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Stage Management

Contents

1. Introduction

Stage management is a very powerful way to control the progress of work in WorkPoint. Regardless of whether a WorkPoint solution is used for project management, case management, or other types of work, stages can be used to control phases and progress of the work by splitting the work up in specific stages. Special requirements can be set up for when one stage can transition to another stage, thus making stages a very powerful way to ensure that all required work is completed before transitioning into various stages. This then ensures that no area of the work is forgotten.

Stage management also makes it possible to filter elements on WorkPoint solution so that only elements related to the current stage shows up in lists. This is done through the stage filtering functionality, described in the end user guide sections of this article.

Furthermore, Stage management can be used in collaboration with other WorkPoint functionalities, such as Action Management. Through this collaboration, it is possible to e.g. create special documents when a certain stage transition occurs, or send e-mails to specified receivers on stage transitions.

2. Requirements

There are currently no license requirements for this feature. If using this feature in collaboration with e.g. Action Management, an Action Management license is necessary for this to work.

3. Configuration

   3.1. Accessing Stage Settings

       3.1.1. Modern UI

To configure stage settings in the modern UI version of WorkPoint, follow these steps:

  1. Click the Home-button in the top-left corner of the WorkPoint solution.
  2. Click the cog-icon to open the WorkPoint Administration.
  1. In the WorkPoint Administration, click the header of the business module for which stage settings should be configured.
  2. Click the “Stage Settings”-menu item from the list.
  1. The “Enable staging for this business module”-button can be used to enable and disable staging. This can be useful if staging should be temporarily turned either on or off for some reason. All stage settings and configurations persist through disabling and re-enabling staging. Be advised that staging is not always necessary. In that case, simply do not configure these settings
  2. The “Stages”-section displays all configured stages.
  3. The “Add stage”-button is used for creating new stages.
  4. The “Transitions”-section displays all configured transitions.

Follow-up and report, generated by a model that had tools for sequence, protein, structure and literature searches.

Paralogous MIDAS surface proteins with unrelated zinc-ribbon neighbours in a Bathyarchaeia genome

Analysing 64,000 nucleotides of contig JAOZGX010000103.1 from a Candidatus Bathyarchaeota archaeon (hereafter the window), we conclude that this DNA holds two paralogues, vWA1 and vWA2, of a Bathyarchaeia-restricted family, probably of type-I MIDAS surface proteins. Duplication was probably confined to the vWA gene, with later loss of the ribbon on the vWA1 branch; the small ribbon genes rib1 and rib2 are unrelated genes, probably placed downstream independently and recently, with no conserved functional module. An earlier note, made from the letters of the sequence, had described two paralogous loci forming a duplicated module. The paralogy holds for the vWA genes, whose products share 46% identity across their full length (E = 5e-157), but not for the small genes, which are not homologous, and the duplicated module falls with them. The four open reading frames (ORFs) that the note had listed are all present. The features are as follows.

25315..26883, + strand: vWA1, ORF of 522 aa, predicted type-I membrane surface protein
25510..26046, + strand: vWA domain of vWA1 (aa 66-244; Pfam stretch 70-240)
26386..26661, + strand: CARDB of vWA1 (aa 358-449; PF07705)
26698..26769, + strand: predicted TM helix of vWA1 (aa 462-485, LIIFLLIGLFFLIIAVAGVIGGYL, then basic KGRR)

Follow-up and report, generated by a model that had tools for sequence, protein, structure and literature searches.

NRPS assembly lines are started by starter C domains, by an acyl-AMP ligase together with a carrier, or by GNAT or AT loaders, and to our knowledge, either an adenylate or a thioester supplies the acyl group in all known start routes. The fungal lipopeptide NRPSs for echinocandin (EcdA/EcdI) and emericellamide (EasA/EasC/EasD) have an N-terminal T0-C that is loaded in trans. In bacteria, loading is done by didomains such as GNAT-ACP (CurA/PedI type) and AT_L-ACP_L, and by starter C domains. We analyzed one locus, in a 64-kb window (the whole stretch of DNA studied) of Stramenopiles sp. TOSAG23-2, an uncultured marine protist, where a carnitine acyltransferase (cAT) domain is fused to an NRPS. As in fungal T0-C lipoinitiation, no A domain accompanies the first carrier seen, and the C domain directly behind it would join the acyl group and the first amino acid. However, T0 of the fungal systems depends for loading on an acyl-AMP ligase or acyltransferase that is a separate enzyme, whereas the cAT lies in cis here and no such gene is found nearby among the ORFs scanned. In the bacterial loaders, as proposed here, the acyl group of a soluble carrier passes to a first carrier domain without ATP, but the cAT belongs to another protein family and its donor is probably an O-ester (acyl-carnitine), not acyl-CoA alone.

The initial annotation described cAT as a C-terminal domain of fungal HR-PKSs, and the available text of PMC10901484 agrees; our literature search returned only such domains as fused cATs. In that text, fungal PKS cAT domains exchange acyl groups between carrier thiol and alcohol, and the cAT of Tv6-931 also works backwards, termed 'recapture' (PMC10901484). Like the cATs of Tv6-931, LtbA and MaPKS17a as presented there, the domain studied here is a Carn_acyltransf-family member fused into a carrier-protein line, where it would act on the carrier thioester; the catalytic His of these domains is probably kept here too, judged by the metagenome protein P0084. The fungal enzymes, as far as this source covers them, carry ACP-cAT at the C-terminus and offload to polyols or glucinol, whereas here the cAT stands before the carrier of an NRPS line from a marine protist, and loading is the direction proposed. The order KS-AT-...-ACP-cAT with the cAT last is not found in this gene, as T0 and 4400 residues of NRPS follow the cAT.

5. The “Add transition”-button is used for creating new transitions.
  6. The “Constraints”-section displays all configured constraints.
  7. The “Add constraint”-button is used for creating new constraints.
       3.1.2. Classic UI

To access the WorkPoint administration and stage settings in Classic UI, follow these steps:

  1. Click the cog-icon in the top-right of the solution.
  2. Click the “WorkPoint Administration”-menu item.
  1. In the WorkPoint Administration, click the header of the business module for which stage settings should be configured.
  2. Click the “Stage Settings”-menu item from the list.
  1. The “Enable staging for this business module”-button can be used to enable and disable staging. This can be useful if staging should be temporarily turned either on or off for some reason. All stage settings and configurations persist through disabling and re-enabling staging.
  2. The “Stages”-section displays all configured stages.
  3. The “Add stage”-button is used for creating new stages.
  4. The “Transitions”-section displays all configured transitions.
  5. The “Add transition”-button is used for creating new transitions.
  6. The “Constraints”-section displays all configured constraints.
  7. The “Add constraint”-button is used for creating new constraints.

   3.2. Creating stages

The stages configured here represent a range of stages that entities can go through. There are four different types of stages;

  • Start (This stage represents a starting stage for entities. This could e.g. be an “Idea” stage for a project)
  • StartAndStandard (This stage represents a stage that can be both a starting stage or a standard stage. An example could be an “Analysis” stage on a project)
  • Standard (this stage represents a standard stage. An example could be “Production” of a project)
  • End (this stage represents the end stage of the stage model. An example could be an “Archived” stage.

Please be advised that there must always be at least one Start or StartAndStandard stage, and at least one End stage in a stage model.

To add a new stage, follow these steps:

  1. From the “Stages”-section, click the “Add stage”-button.
  1. Use the “Title”-field to provide a title for the new stage.
  2. Select which stage type the new stage has. Available stage types are:
    • Start (the first stage)